EDINBURGH, Scotland — A new study finds that playing board and card games regularly may help your mental performance in the game of life as you grow older. No, not the board game, the real game of life. Researchers at the University of Edinburgh say that participants who reported routinely playing non-digital games performed better on thinking and memory tests in their 70s.
Furthermore, the study’s authors also noted that it’s never too late to get started; even participants who only started playing more board games during their 70s were still more likely to score higher in cognitive assessments than adults who rarely played non-digital games.
“These latest findings add to evidence that being more engaged in activities during the life course might be associated with better thinking skills in later life. For those in their 70s or beyond, another message seems to be that playing non-digital games may be a positive behavior in terms of reducing cognitive decline,” comments Dr. Drew Altschul in a release.
At the beginning of the study, more than 1,000 participants, all aged 70 years old, were asked to complete a series of tests assessing memory, thinking speed, problem solving, and overall cognitive ability. Then, until the age of 79, each participant took the same series of tests every three years. Simultaneously, the participants were asked how often they played games like chess, bingo, crosswords, etc, on two occasions — at ages 70 and 76.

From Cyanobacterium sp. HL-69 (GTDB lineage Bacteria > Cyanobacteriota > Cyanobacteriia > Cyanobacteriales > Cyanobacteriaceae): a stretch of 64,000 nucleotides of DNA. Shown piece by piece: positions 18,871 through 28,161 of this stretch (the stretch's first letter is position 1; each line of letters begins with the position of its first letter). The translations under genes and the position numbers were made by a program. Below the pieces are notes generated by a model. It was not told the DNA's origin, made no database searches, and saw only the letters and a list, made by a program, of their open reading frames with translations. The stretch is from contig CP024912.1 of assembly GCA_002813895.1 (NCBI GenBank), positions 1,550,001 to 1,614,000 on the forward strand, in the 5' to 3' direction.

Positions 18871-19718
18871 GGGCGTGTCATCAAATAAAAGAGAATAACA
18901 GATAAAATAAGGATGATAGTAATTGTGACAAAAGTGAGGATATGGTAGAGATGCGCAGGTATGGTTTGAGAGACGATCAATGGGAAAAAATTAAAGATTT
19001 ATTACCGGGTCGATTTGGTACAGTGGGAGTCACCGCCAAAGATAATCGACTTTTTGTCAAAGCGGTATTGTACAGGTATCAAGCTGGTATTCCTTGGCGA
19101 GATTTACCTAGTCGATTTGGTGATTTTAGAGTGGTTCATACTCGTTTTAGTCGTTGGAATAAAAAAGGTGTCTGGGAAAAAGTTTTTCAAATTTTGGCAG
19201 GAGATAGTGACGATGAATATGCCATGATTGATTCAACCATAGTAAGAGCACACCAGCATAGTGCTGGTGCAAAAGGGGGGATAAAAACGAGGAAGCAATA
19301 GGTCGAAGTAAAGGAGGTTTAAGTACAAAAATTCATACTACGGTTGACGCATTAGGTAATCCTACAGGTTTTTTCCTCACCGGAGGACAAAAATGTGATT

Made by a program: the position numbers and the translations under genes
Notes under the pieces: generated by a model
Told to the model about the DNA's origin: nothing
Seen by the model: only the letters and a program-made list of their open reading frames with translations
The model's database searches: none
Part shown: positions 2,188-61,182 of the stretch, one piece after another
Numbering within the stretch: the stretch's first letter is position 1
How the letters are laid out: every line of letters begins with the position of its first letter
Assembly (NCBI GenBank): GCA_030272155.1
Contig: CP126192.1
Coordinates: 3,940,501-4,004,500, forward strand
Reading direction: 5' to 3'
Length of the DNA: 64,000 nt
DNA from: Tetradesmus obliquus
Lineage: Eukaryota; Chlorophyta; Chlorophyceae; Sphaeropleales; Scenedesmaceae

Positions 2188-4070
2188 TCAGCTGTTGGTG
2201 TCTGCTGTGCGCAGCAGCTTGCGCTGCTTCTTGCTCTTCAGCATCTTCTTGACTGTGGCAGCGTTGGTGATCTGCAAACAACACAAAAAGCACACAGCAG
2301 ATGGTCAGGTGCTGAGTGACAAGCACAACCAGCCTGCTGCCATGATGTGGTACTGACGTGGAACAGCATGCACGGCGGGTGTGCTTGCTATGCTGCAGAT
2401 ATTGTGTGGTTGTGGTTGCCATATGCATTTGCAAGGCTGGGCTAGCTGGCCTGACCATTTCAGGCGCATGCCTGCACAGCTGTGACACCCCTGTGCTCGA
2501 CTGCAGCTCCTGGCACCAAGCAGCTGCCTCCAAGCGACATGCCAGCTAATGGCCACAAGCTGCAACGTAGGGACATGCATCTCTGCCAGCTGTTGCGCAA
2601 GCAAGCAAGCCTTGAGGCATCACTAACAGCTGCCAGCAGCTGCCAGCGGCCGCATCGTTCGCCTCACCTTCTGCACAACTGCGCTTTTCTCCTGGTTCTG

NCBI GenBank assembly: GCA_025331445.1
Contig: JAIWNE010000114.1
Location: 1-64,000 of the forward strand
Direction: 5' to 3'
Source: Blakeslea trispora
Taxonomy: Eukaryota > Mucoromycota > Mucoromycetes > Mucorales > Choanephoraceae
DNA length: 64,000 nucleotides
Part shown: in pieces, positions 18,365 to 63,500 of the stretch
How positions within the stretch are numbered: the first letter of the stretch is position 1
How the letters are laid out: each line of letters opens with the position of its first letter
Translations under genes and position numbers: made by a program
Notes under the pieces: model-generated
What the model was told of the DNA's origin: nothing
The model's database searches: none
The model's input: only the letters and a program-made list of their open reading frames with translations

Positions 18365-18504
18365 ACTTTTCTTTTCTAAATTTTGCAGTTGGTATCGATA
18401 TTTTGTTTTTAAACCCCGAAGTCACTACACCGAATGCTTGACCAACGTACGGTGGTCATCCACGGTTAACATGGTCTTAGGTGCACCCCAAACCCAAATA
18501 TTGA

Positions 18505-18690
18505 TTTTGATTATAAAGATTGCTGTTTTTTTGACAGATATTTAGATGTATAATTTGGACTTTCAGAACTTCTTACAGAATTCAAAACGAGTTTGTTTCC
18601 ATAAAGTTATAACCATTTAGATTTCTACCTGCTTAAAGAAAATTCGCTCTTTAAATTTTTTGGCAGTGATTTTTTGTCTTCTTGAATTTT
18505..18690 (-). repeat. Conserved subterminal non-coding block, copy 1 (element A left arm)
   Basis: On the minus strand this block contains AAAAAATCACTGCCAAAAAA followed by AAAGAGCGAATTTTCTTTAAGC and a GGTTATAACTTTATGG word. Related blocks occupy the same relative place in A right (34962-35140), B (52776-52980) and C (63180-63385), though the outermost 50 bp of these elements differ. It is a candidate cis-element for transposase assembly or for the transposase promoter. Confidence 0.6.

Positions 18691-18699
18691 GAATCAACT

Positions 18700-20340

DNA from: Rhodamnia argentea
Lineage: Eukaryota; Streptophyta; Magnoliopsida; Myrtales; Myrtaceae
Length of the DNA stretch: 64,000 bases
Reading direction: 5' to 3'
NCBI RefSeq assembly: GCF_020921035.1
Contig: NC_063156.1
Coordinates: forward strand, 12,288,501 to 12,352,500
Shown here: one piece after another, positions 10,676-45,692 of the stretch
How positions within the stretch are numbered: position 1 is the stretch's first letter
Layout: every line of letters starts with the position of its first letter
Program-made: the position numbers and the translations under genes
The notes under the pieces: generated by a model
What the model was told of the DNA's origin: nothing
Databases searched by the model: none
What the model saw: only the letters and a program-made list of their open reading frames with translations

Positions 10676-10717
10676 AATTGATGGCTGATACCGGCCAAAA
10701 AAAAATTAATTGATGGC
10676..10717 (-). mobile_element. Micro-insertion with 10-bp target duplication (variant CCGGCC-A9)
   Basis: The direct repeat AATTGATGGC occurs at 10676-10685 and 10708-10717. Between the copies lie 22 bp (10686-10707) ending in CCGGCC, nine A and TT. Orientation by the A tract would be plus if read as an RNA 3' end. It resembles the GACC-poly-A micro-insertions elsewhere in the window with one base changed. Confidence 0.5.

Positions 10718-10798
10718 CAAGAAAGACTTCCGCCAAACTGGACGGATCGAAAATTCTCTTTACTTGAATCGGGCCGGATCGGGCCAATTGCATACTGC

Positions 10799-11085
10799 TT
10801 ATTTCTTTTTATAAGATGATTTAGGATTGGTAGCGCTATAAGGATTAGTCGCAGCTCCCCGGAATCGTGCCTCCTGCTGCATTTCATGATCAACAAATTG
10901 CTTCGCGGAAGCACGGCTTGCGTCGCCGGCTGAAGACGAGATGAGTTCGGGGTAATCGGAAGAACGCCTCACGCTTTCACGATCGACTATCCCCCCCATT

Next, the research team used a statistical analysis to examine the relationship between one’s game-playing habits and thinking skills. An intelligence test that the participants had taken when they were 11-years old (the Scottish Mental Survey of 1947) was also made available to the authors, and was included in the analysis. Additionally, other lifestyle factors, such as education, exercise frequency, and socio-economic status, were considered.
Even people who only started playing more board games in their 70s experienced less decline in their thinking skills, especially in memory and thinking speed assessments.
“Even though some people’s thinking skills can decline as we get older, this research is further evidence that it doesn’t have to be inevitable. The connection between playing board games and other non-digital games later in life and sharper thinking and memory skills adds to what we know about steps we can take to protect our cognitive health, including not drinking excess alcohol, being active and eating a healthy diet,” says Caroline Abrahams, Charity Director at Age UK.
Researchers are hopeful their findings will help the medical and scientific communities better understand what lifestyle choices and hobbies can improve patients’ chances of enjoying improved thinking skills in old age.
Moving forward, Professor Ian Deary, director of Edinburgh’s Centre for Cognitive Ageing and Cognitive Epidemiology, notes that he would like to determine if certain games are more beneficial than others.
The study is published in The Journals of Gerontology Series B: Psychological Sciences.